5 meaningful community experiences in Rwanda : Known for her upmarket tourism, especially gorilla trekking, Rwanda attracts a number of influential tourists each year. The country boasts of this because by being upmarket, she is able to improve the standards of living of the citizens and preserve the general environment- something Rwanda has greatly achieved.
However, the country has big potential for community tourism and experiences which are great for people on a tight budget but would really love to visit Rwanda. Community tourism has been growing since the end of the 1994 genocide making Rwanda one of the most visited destinations on the continent. The small, yet spectacular country of East Africa boasts of giving her community visitors one in a lifetime experience just as with the gorillas. Here are 5 of the best community experiences in Rwanda.
Iby’iwacu traditional village
This is the hub of all Rwandan culture. Visitors usually feel their Rwandan tour is incomplete without a visit to this magnificent traditional village and therefore find to pass by.
Here, they learn all about the traditions, practices and culture of the Rwandan people spiced up with native music, dance and drama performances. You also get interact with former poachers who now are involved in conservation of the Volcanoes National Park.
Bugesera reconciliation village
As its name suggests, this village is where all; victims, survivors and perpetrators of the 1994 genocide are neighbors. During your visit here, you will learn about all the nitty gritty of the genocide from the massacres to the suffering and how the village citizens are now coping with life today.
You will also learn from the people all about their food, weaving, their health and agriculture. Make this visit for an emotional rollercoaster and an unforgettable experience in Rwanda.
The genocide memorial
Before or after a reconciliation village tour, you can visit the genocide memorial centre right in the capital, Kigali. This visit will teach you about the painful genocidal past of Rwanda and how well the country is coping. You will hear and see stories from some survivors and through mediums like videos. Entrance is totally free of charge but you will feel you need to pay for the stories told after you trip.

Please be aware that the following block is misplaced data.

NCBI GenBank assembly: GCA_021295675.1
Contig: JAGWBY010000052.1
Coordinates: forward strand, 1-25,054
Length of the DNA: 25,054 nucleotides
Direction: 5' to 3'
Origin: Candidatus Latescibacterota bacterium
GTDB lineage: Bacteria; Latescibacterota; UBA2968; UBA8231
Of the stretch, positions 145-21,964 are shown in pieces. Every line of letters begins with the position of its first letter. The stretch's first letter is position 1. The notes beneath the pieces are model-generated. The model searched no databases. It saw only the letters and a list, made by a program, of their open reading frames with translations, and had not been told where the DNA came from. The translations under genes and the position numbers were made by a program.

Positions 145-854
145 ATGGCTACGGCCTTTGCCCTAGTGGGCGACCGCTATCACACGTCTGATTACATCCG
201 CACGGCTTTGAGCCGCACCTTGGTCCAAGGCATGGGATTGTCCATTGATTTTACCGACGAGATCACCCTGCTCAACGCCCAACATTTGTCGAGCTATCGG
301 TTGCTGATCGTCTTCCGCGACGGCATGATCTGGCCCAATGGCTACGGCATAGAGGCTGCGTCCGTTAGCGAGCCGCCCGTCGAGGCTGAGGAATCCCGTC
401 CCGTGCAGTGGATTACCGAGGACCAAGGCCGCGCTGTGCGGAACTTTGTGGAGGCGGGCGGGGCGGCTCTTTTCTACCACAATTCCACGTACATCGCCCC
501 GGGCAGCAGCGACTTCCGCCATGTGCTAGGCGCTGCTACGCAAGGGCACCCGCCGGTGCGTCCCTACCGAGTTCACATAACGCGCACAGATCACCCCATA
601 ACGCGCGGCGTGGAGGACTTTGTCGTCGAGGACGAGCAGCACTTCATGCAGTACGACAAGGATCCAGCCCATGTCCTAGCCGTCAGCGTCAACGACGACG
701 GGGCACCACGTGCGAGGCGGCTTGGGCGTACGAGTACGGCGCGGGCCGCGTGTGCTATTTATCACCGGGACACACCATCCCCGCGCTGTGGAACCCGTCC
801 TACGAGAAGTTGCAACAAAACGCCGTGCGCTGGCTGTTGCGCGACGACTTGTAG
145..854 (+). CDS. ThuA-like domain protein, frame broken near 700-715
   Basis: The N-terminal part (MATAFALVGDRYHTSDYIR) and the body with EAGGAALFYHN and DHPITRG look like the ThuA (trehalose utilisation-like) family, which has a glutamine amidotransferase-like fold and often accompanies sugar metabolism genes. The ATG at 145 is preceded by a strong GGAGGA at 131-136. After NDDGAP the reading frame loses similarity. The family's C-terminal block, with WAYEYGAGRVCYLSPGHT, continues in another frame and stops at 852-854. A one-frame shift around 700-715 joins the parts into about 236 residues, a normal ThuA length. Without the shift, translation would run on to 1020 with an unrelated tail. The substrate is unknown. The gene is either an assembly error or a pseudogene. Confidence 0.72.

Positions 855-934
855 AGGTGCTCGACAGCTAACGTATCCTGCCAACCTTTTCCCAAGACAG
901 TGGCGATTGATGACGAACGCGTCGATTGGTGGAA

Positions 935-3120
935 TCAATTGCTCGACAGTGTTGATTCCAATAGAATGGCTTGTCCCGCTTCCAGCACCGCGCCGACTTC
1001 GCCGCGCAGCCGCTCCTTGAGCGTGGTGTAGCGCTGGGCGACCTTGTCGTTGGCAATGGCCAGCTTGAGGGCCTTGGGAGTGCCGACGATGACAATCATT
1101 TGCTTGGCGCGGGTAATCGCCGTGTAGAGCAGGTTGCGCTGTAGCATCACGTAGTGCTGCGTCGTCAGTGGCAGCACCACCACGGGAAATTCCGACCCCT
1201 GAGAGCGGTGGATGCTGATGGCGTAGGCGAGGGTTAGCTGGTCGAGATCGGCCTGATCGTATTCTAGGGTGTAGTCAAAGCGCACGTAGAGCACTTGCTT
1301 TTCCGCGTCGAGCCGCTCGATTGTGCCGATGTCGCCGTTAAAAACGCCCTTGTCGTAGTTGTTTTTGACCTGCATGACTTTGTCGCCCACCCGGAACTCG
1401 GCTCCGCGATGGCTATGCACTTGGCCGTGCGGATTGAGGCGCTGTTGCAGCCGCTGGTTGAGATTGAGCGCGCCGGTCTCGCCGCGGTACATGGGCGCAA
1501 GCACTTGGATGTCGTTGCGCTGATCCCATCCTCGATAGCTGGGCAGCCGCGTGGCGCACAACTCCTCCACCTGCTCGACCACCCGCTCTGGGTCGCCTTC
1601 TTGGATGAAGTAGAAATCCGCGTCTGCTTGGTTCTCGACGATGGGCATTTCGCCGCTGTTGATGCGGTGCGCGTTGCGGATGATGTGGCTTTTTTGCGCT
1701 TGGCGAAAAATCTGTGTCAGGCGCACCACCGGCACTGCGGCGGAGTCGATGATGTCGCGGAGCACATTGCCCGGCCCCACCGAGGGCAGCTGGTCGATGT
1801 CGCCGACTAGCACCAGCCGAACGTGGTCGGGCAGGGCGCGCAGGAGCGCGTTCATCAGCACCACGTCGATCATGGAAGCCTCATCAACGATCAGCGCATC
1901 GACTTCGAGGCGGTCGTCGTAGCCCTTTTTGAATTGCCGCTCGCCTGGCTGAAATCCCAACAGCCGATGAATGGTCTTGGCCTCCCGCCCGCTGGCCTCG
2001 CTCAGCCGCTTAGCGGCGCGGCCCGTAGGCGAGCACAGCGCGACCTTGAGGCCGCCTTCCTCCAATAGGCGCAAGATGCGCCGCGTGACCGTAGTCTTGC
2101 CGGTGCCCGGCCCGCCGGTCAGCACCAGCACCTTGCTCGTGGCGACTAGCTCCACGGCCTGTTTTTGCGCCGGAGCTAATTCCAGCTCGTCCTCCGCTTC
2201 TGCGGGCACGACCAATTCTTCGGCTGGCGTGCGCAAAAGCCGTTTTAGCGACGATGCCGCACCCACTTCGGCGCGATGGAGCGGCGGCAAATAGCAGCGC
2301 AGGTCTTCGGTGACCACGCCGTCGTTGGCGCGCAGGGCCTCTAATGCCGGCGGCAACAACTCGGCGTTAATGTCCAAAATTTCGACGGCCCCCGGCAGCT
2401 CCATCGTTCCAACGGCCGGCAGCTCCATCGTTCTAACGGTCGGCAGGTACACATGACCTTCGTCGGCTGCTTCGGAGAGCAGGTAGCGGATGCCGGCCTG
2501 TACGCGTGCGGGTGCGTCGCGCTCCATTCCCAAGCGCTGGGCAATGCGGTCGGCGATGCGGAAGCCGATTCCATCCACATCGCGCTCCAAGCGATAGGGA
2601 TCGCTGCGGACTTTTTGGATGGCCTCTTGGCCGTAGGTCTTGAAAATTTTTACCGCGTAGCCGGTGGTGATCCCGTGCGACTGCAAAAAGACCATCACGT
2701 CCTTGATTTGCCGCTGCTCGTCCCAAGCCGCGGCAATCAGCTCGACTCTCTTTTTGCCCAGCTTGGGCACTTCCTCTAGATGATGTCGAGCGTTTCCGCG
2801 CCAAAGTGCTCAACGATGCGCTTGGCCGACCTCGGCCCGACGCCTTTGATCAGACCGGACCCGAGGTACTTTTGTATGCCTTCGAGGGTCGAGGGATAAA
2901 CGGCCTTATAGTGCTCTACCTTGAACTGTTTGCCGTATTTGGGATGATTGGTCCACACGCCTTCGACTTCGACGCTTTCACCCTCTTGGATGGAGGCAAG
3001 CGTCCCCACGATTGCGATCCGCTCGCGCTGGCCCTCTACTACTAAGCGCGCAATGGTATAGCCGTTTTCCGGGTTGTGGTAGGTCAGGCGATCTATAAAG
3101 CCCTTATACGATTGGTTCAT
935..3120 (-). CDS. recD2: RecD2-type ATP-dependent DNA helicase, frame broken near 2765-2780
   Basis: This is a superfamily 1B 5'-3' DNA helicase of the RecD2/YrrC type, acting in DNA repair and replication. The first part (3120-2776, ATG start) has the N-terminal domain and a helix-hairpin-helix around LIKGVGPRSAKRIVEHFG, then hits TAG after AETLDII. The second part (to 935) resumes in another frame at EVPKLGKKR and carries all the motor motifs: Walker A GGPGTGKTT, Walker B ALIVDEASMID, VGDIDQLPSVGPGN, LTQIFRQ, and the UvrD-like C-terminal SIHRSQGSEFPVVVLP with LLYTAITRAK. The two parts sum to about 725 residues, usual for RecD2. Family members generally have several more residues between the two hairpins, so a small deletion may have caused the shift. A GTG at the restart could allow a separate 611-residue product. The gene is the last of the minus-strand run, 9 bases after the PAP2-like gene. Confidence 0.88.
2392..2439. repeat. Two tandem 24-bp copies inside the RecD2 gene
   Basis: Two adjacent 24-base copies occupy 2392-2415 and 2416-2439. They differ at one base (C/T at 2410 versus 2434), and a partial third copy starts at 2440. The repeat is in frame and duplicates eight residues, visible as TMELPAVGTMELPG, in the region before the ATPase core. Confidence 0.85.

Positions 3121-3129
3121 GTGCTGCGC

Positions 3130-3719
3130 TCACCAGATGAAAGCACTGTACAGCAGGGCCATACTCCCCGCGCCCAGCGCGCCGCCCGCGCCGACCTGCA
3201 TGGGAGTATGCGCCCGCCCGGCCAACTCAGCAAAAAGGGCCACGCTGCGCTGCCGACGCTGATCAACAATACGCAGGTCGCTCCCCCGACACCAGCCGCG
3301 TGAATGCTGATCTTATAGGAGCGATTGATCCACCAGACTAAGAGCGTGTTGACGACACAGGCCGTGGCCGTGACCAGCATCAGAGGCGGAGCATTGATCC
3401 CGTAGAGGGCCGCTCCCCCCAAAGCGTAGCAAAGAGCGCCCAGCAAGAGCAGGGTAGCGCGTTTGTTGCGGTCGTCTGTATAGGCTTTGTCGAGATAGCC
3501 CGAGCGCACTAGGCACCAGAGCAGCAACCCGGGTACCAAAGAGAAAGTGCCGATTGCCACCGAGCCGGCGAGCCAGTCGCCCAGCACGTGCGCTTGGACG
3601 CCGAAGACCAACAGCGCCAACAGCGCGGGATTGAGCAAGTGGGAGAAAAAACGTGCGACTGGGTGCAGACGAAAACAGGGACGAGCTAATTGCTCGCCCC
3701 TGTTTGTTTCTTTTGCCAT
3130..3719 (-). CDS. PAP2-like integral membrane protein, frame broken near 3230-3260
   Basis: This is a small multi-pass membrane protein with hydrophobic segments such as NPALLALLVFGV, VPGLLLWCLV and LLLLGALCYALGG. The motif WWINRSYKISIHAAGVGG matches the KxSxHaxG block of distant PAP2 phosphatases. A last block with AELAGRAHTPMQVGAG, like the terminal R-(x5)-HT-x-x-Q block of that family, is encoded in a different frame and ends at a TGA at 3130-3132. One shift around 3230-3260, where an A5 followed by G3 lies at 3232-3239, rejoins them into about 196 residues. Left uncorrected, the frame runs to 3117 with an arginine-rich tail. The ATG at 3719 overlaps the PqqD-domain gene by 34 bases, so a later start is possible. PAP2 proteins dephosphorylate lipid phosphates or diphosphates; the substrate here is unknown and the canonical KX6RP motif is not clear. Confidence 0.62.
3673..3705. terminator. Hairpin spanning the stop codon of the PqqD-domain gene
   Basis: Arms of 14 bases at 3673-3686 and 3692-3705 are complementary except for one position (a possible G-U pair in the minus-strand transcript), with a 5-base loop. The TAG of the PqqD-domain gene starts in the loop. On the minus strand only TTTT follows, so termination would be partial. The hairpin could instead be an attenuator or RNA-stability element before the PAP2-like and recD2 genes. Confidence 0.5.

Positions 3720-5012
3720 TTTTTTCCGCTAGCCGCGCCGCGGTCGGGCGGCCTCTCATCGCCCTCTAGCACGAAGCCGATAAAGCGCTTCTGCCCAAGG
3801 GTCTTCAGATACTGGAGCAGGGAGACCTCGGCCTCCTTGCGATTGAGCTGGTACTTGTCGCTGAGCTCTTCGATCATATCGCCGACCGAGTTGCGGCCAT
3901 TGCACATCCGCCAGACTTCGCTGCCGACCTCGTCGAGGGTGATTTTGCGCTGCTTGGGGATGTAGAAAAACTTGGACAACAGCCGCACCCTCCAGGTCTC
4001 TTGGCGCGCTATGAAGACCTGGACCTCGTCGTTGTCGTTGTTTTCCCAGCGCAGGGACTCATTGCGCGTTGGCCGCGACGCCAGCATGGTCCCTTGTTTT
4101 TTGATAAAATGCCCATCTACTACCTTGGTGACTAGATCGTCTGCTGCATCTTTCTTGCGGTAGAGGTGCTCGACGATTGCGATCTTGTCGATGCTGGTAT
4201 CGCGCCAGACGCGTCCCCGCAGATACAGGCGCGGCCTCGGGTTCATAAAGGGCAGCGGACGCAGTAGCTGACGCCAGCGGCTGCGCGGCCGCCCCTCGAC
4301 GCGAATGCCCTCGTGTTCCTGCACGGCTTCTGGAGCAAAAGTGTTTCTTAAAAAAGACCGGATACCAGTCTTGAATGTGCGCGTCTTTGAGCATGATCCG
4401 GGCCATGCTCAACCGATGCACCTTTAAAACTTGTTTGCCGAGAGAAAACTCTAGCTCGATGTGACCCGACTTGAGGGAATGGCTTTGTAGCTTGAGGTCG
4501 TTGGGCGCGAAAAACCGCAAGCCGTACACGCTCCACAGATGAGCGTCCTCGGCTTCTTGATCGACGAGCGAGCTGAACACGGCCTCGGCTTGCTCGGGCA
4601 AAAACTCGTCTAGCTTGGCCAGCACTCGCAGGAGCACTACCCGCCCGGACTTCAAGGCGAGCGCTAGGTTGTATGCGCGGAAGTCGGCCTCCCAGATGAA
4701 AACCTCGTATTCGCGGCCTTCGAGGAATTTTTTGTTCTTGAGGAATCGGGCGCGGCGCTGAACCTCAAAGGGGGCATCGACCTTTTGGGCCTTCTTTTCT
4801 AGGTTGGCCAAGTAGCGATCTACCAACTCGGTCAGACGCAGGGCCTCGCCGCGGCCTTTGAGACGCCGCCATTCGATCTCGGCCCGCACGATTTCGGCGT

You have probably heard or read that Rwanda is by far the cleanest country in Africa. Well, this is very intentional and not an accident. People in Rwanda come together every last Saturday of the month to thoroughly clean their communities without a pay! Businesses and shops are closed, buses stop their trade for the morning as the cleaning takes place. Other activities done during the Umuganda Saturdays are but not limited to tree planting, house building for the lower class in society and interaction as well.
While in Rwanda, you can definitely participate in the Umuganda as it is not limited to the nationals!
You probably know or might have guessed that any village walk is memorable and Rwanda is no exception. During your Rwandan tour, you can take time to walk through your neighbouring village for a real African experience. In fact, this is the cheapest way to spice up your trip thus 5 meaningful community experiences in Rwanda.
You will interact with the village locals as you go through the village and make various stops. Make sure to get the tea or coffee experience if there is a plantation in the village, view spectacular sites and get a real African experience through local performances.
Heritage cultural trip
If you happen to visit Akagera National Park, this is a way to bring flavour to your trip. During this trip, you will visit cattle farms in the communities and you will involve your hands in activities like milking. How cool is that?
Interact with the locals on this trip to learn more about the high significance of cows in Rwanda, which are a sign of wealth and success as well as more about the country’s culture in general.
Art and craft centres
Have you seen an art centre built from cow dung? If you have said no, Imigongo Art and Craft centre is the place for you. If yes, it is still a bucket list destination. Stories say that this centre was set up by Prince Kakira in the 18th century who was the first to use cow dung mixed with ash and clay to decorate his house on the inside. The use of cow dung to form art, also known as Imigongo, in Rwanda has since been a thing through paintings, wall art and wooden pieces which are quite popular with tourists.
You can also visit other local art and crafts shops to buy crafts and support the community. While there, you will learn how to make things like necklaces and earrings from local materials like straws.